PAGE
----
What Is Health Literacy And Why Is It Important? [With Examples]

One of our core missions at The Shared Microscope aims to continue to encourage science/health literacy globally. To this end, we create impactful and accessible content within the life science and health industries.

In this blog post, we provide a definition of health literacy, highlight the importance of health literacy, and provide examples of how poor health literacy affects people. This blog post also provides ways in which health literacy can be improved in patients.

What Is The Definition Of Health Literacy?

Health literacy is defined as an individual’s ability to make sound decisions about their health. To be able to do this, a person must be able to understand and act upon health information. Health literacy extends beyond just knowing and understanding the facts and details about a health condition. It includes the ability to synthesize and apply the information in real life.

A patient should be able to understand the dosage of their medication, read and understand medical brochures, have a basic understanding of how the healthcare system works to be able to get the right help, process the information they are given to make decisions about health (like whether or not to get preventive surgery), and more.

An individual who is unable to understand health information and make decisions about their health generally has limited health literacy. The term limited health literacy is often used synonymously with poor/low health literacy or inadequate health literacy.

What Affects Health Literacy?

The study of health literacy can be complicated. This is because a person may understand their health condition and know the right decisions to make to ensure good health, but for various reasons may not follow the decision and get that help. This may be due to other barriers such as mistrust with the medical system, their religious beliefs, or the patient’s culture. Due to cultural reasons, for example, I initially struggled to seek help from a doctor during my breast cancer scare.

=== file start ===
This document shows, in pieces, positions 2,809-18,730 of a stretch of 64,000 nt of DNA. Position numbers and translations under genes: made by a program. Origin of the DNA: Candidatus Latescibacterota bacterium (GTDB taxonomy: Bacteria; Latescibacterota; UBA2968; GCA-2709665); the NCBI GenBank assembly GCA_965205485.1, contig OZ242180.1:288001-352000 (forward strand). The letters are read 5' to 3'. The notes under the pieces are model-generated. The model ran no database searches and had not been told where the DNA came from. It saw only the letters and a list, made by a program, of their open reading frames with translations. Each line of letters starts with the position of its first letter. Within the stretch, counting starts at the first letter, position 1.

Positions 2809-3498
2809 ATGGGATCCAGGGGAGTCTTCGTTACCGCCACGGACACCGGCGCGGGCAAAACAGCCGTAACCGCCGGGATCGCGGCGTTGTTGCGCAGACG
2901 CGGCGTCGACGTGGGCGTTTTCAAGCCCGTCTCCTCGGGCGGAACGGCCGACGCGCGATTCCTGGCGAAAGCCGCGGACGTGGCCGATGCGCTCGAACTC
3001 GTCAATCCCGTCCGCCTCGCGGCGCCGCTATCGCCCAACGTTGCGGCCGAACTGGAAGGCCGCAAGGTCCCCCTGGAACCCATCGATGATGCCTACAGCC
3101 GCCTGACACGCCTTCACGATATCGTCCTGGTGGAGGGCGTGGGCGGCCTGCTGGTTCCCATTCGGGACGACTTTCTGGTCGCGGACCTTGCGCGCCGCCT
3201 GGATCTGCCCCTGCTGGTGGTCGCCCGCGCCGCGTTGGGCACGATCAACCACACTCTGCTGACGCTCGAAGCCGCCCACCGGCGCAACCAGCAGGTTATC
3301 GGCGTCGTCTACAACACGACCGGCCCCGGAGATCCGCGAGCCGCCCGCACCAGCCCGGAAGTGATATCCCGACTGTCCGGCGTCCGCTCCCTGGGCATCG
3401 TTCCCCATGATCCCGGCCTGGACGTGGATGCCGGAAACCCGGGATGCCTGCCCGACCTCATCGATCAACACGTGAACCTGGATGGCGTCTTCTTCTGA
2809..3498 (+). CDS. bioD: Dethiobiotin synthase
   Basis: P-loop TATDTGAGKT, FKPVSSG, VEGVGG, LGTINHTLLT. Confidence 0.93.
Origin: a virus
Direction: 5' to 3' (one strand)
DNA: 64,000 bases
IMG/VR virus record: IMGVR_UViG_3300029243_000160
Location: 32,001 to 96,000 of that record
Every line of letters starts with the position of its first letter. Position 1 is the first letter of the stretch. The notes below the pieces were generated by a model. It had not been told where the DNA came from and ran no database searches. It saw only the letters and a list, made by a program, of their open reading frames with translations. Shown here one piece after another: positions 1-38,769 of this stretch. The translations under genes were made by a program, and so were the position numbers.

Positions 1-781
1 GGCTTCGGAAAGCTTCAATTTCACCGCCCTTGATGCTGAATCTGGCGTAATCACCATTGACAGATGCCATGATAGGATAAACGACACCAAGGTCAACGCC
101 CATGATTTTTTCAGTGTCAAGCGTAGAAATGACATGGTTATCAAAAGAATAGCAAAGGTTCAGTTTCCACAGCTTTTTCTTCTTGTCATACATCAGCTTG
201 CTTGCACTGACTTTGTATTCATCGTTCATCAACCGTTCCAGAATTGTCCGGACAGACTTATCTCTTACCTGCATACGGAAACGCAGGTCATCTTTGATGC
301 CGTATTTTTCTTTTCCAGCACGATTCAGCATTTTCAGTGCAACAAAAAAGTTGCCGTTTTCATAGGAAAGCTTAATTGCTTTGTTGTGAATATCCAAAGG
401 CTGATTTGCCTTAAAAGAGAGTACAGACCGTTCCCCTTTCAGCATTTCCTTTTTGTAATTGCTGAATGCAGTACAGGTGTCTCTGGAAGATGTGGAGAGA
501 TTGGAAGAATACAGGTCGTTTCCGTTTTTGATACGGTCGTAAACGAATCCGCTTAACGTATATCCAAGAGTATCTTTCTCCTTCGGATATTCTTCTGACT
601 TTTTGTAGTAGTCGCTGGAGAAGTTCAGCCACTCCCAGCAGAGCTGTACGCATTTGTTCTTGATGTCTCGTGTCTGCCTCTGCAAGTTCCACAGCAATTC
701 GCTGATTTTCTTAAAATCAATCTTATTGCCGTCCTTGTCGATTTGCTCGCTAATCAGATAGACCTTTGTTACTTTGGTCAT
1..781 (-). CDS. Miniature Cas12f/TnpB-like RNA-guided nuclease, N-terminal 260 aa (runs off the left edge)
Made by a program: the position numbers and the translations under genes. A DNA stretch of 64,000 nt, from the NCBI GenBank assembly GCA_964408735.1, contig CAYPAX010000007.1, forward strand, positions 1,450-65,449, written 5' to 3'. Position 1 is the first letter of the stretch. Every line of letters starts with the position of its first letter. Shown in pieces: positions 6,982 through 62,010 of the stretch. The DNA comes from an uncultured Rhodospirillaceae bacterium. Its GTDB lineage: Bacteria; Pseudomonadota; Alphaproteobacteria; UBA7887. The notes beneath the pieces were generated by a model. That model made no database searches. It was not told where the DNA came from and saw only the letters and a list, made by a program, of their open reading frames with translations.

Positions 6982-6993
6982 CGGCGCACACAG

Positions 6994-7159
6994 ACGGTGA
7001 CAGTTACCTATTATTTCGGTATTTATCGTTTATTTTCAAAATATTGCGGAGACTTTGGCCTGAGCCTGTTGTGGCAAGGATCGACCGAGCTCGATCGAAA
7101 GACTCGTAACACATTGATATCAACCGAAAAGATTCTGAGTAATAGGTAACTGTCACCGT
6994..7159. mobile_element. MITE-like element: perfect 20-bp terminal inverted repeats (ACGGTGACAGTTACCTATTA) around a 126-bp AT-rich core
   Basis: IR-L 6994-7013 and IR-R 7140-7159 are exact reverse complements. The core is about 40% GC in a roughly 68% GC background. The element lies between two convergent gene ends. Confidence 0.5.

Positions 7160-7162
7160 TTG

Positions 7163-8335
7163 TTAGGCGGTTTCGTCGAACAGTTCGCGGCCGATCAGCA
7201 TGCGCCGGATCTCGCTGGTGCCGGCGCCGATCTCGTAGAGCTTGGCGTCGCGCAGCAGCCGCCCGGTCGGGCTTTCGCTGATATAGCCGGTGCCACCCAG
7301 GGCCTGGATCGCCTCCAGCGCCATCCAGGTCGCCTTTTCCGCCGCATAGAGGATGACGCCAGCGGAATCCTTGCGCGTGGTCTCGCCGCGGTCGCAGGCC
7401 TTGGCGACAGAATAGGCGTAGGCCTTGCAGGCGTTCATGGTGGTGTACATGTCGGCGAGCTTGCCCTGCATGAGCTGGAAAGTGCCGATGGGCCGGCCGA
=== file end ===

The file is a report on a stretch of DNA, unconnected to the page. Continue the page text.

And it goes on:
In addition to mistrust with medical systems, religious beliefs, and cultural beliefs, health literacy may be considered “poor” or “low” because of language barriers, a lower level of education, problems with accessing health information, low socioeconomic status, or because of someone’s age.

The Importance Of Health Literacy

Good health literacy is associated with better health outcomes in patients. Good health literacy also reduces the cost of care in patients. In some cases, poor health literacy affects only the patient in question – for example, they may not get the medical help that they require.

However, poor health literacy can also affect entire populations as has been suggested by the coronavirus pandemic. Many people globally did not fully understand the importance of preventive measures such as social distancing, wearing a mask, and more recently, getting a vaccine to prevent COVID-19 infection.

According to a 2006 report by the National Assessment of Adult Literacy, only 12% of adults in the United States have a high level of health literacy. The health literacy data suggests that 53% of adults have intermediate health literacy. The remaining 22% and 14% of adults in the United States have basic and poor levels of health literacy, respectively. In other words, almost 9 out of 10 adults in the United States lack the knowledge to fully manage their health and prevent diseases. These numbers are gargantuan.

According to a 2006 report by the National Assessment of Adult Literacy, only 12% of adults in the United States have high levels of health literacy.

Limited health literacy also leads to high expenditure in healthcare, straining families financially. According to an article published in Forbes, low health literacy costs the United States approximately $238 billion annually. Improving health literacy among people globally will not only improve their health outcomes and financial wellness but also reduce the costs of healthcare.

Low health literacy costs the United States approximately $238 billion annually. Improving health literacy will not only reduce these unnecessary costs but will also improve health outcomes for all.